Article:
CHICAGO - A few months after postponing a $583 million bond sale and suffering downgrades from all three rating agencies, Royal Oak, Mich.-based Beaumont Hospitals this week announced a $60 million turnaround plan that will include layoffs, pay cuts, and a delay in construction projects.
The plan does not include long-term delay of Beaumont's pending bond deals, including the $583 million revenue bond issue that has been on the day-to-day calendar since mid-September, when the credit crunch froze the tax-exempt market and temporarily halted most issues, hospital officials said.
"The hospital is still trying to get to market before year end," Dennis Herrick, Beaumont's senior vice president and chief financial officer, wrote in an e-mail response. "Sizing and structure of the approach has been impacted both by the hospital's recent trends and continuing uncertainty surrounding economic environment and outlook concerning the auto industry and any forthcoming federal support. So far, while early in the game, reaction to the announced actions the hospital is taking has been very positive."
Beaumont has two additional bond issues on the horizon, including a $150 million variable-rate demand bond issue and a $175 million issue.
Under the turnaround plan, Beaumont plans to cut up to 500 positions out of a total of 18,000, slow construction projects at its Royal Oak and Troy hospitals, postpone plans for additional ambulatory medical centers, delay non-critical expenditures, cut pay for executives and salaried physicians, and try to increase revenue through negotiations with payors and billing improvements.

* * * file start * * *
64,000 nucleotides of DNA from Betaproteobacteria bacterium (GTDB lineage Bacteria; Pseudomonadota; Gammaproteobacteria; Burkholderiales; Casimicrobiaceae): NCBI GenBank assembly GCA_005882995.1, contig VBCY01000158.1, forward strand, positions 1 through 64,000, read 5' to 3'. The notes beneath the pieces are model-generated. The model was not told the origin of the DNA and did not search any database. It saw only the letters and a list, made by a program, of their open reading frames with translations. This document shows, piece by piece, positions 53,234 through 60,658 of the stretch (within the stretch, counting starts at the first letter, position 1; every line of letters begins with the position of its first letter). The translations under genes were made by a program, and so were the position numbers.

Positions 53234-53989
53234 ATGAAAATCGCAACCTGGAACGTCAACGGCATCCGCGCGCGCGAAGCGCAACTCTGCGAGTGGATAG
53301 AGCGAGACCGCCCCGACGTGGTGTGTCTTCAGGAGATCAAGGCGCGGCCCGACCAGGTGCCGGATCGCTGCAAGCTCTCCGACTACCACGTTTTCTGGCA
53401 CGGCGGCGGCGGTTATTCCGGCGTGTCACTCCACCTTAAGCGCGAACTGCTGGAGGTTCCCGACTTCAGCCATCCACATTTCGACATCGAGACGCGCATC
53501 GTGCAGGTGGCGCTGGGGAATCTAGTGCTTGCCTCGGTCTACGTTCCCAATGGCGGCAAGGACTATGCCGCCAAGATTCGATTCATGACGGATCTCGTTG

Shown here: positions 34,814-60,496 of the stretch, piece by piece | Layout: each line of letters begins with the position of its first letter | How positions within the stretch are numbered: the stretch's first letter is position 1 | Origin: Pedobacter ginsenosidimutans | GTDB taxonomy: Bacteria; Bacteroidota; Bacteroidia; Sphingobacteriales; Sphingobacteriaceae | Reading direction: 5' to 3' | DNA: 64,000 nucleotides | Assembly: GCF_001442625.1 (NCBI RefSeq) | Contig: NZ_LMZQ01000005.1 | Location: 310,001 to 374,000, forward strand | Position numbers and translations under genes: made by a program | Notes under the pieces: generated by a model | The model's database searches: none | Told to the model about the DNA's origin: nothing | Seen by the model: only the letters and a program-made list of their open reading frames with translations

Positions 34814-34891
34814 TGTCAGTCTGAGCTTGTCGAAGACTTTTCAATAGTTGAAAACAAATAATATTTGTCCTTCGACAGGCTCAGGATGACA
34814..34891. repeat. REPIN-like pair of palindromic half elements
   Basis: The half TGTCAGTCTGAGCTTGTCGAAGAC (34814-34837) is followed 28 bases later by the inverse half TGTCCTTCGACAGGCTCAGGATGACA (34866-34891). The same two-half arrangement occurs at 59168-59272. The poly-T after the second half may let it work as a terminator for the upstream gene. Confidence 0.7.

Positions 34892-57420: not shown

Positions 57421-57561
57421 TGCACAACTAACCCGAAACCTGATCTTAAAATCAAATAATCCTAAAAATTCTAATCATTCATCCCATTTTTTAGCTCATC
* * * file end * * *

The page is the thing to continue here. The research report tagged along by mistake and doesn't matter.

Beaumont will stick with plans to open a new medical school with Oakland University, as well as a controversial plan to partner with an Indiana-based private company to establish the state's first proton therapy center for cancer treatment.
Hospital officials blamed their fiscal problems on the credit freeze that impeded its ability to borrow money for capital expenses as well as state's poor economy and high unemployment rate.
As Beaumont planned to enter the bond market in September, all three rating agencies downgraded the credit, reflecting the system's weak fiscal performance and warning that the planned borrowing would weigh down its balance sheet.
Fitch Ratings dropped Beaumont to A-plus from AA-minus, Standard & Poor's lowered it to A from AA-minus, and Moody's Investors Service downgraded the credit to A1 from Aa3.